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16 to 17 Year Olds
- Student should attend all IEP meetings and could be leading them.
- IEP should address all areas where skills are needed for independence.
- IEP emphasis should be on post-education goals and skills.
- Get agency representatives that are likely to pay for adult transition services to attend IEP meetings.
- Research college options and services offered for people with disabilities.
- Document steps taken to ensure students preferences, strengths and interests are considered even if they are not at the IEP meeting.
- Parents should get all annual IDEA notices from the school.
- A first job gives individuals experience and skills.
- Meet with DVR to help your teen find a job.
- Pay attention to the rights of people with disabilities in the workforce.
- Establish transportation necessary to get to work.
- Medicaid — Youth should carry and use insurance card.
- SSI — Supplemental Security Income - Plan ahead if SSI is an option. Check for eligibility the month before the person turns 18.
- CHIP — Children's Health Insurance Program State Insurance for Children for families with children under the age of 19 that don't qualify for Medicaid.
- Begin exploring adult options for healthcare coverage if current coverage will end and teach teen how it will work (Deductibles/co-pays/referrals).
- Discuss transition of care with your primary care physician.
- Reinforce healthy choices and how they affect your teens medical condition.
- Discuss what your teen needs to function independently in terms of therapy, equipment, and technology.
- Encourage proper nutrition and exercise.
- Teach young adult how to make medical appointments and fill prescriptions.
- Keep a medical health record file that includes all paperwork.
- Allow youth to spend time alone with doctor during office visits.
- Schedule and have youth attend annual wellness visits with primary care physician (PCP).
- Locate an adult provider and finalize adult health care coverage.
- Transfer medical records to adult provider.
Parent/Caregiver and Young Person Interaction
- Participate and encourage your child's participation in the IEP or 504 process.
- Help young person participate in their IEP. A practice session might help.
- Help young person to monitor progress on his/her IEP.
- If you haven't already, open a joint bank account in your young adult's name.
- Help your young adult apply for a driver's license.
- Develop a long-term plan and make sure your child has employment, community and independent living skills they need.
- Find adult or teen role models for your child.
- Assess your teen's perception and basic knowledge of his/her special needs. Build on understanding. Encourage them to ask questions at doctors' visits.
- Continue teaching self-care skills; include those related to his/her condition. Encourage all attempts, reward successes. Expect positive outcomes.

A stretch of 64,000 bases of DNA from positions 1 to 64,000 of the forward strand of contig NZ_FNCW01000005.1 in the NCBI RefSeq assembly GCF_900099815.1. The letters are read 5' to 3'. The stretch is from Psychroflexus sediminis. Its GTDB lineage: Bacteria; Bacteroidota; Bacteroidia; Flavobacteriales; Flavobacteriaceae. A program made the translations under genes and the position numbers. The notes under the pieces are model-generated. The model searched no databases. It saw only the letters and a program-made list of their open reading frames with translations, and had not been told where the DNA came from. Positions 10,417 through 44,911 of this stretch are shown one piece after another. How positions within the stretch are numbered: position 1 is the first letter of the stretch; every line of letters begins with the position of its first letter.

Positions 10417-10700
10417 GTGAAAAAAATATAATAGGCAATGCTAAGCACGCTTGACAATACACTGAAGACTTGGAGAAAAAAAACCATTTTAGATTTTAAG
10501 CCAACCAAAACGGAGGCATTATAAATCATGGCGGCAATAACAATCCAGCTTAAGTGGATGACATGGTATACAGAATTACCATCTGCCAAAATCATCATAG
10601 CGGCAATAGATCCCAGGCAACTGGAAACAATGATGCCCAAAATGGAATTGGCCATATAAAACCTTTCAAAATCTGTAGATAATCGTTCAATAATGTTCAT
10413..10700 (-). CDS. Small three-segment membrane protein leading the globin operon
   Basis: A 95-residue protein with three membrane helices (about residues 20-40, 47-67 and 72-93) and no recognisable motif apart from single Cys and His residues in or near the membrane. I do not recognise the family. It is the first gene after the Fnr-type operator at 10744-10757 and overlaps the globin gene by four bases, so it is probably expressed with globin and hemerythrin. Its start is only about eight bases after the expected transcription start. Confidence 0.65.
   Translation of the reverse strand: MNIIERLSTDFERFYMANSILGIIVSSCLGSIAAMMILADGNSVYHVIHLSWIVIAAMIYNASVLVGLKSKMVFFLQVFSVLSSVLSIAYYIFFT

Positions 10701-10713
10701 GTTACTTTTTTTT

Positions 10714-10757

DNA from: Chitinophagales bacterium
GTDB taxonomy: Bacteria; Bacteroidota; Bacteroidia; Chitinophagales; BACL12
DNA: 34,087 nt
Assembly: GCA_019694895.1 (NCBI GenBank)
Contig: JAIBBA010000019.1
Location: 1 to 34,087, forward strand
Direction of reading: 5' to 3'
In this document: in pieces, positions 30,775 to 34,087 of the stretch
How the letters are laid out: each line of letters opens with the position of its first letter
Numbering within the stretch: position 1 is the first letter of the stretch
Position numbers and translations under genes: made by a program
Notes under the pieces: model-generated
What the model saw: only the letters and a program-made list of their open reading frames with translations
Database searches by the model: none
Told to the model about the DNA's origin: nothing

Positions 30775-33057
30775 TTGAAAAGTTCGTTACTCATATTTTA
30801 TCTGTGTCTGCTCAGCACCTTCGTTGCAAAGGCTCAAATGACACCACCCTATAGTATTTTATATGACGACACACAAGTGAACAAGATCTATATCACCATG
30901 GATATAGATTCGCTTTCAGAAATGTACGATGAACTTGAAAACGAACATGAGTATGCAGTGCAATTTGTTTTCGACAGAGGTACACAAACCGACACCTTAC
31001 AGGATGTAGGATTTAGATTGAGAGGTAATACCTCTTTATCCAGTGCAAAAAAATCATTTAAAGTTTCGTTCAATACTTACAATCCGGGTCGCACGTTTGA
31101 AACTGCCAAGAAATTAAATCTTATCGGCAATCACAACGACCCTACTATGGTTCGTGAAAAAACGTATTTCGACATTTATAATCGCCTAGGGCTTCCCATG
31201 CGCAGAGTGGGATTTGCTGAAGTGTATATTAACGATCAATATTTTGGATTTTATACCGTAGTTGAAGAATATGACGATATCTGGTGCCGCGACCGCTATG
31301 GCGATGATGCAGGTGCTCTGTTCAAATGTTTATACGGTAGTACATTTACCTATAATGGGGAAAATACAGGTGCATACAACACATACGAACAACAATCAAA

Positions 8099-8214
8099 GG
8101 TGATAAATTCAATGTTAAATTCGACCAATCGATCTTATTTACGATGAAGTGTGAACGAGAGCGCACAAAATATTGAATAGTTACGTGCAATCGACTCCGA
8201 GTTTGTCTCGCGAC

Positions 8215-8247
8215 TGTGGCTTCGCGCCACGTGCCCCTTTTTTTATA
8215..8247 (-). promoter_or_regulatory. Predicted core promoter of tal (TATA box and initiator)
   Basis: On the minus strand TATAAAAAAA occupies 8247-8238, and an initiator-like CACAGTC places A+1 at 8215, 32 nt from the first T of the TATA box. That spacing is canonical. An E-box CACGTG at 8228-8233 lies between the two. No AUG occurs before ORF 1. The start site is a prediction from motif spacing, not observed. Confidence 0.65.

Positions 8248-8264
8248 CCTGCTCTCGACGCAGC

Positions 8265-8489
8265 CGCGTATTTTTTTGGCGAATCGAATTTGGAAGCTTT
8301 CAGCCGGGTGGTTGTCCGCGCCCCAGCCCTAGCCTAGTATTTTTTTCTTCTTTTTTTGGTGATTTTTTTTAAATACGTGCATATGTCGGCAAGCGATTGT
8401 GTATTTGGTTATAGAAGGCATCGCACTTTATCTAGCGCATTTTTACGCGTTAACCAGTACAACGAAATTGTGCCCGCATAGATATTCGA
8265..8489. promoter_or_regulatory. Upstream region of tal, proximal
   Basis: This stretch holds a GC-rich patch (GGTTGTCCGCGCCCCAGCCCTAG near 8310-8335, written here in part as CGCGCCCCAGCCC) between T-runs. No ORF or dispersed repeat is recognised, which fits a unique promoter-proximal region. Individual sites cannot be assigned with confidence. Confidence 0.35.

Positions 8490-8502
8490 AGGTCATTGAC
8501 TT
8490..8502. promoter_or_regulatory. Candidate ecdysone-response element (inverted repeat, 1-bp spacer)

- Continue teaching self-advocacy skills, especially with healthcare providers and teachers.
- Discuss age of majority and the rights that will transfer to your child when they turn 18.
- Begin helping your teen keep his/her medical summary.
- Discuss relationships and sexuality with your teen and how his/her medical condition may /or may not affect this.
- Help your teen identify and build on his/her strengths and personality traits to build self- esteem.
- Explore your teen's thoughts, hopes and dreams for his/her young adult life.
- Continue to have your teen help with family chores.
- Continue to encourage hobbies, and leisure activities, emphasizing positive lifestyle choices.
- Parents be a role model for your teen to advocate for what they need, plan ahead, be persistent, in accessing resources and services.
- If guardianship is necessary, investigate options for your child's legal protection at least two months before they turn 18.
- If necessary get a power of attorney, health care proxy or conservatorship.
- Register to vote at age 18.
- Men should register for Selective Service.
- Explore alternative living arrangements.
- Teach young adults about nutrition and proper exercise.
- Discuss disability rights with young adults and what that means in the workplace.
- Consider how youth will make BIG decisions when they turn 18 and arrange for assistance if necessary.
- Research supported decision making to determine if this may be an option for your young adult.
- Help young person continue to develop and use self-determination and self-advocacy skills.
- Begin researching/discussing any possible supports/services that may be needed from outside agencies and how funding sources can benefit your student (SSI, Medicaid, DVR, Division of Developmental Disabilities Services (DDDS), etc.)
- Identify and apply for services provided by adult agencies.
- Initiate eligibility process for adult services in state.
- Be persistent when accessing services.
- Complete DDDS application, if applicable.
- Apply for Section 8 housing if desired.
- Check into services offered at potential colleges.
- Establish connection with DART or public transportation.
- Explore support groups for teens, as interested.
- Talk with other parents of teens, with and without special needs.
- Stay connected to partners, friends, family, faith-based and community.
- Let professionals know when you need help. Accept help when offered.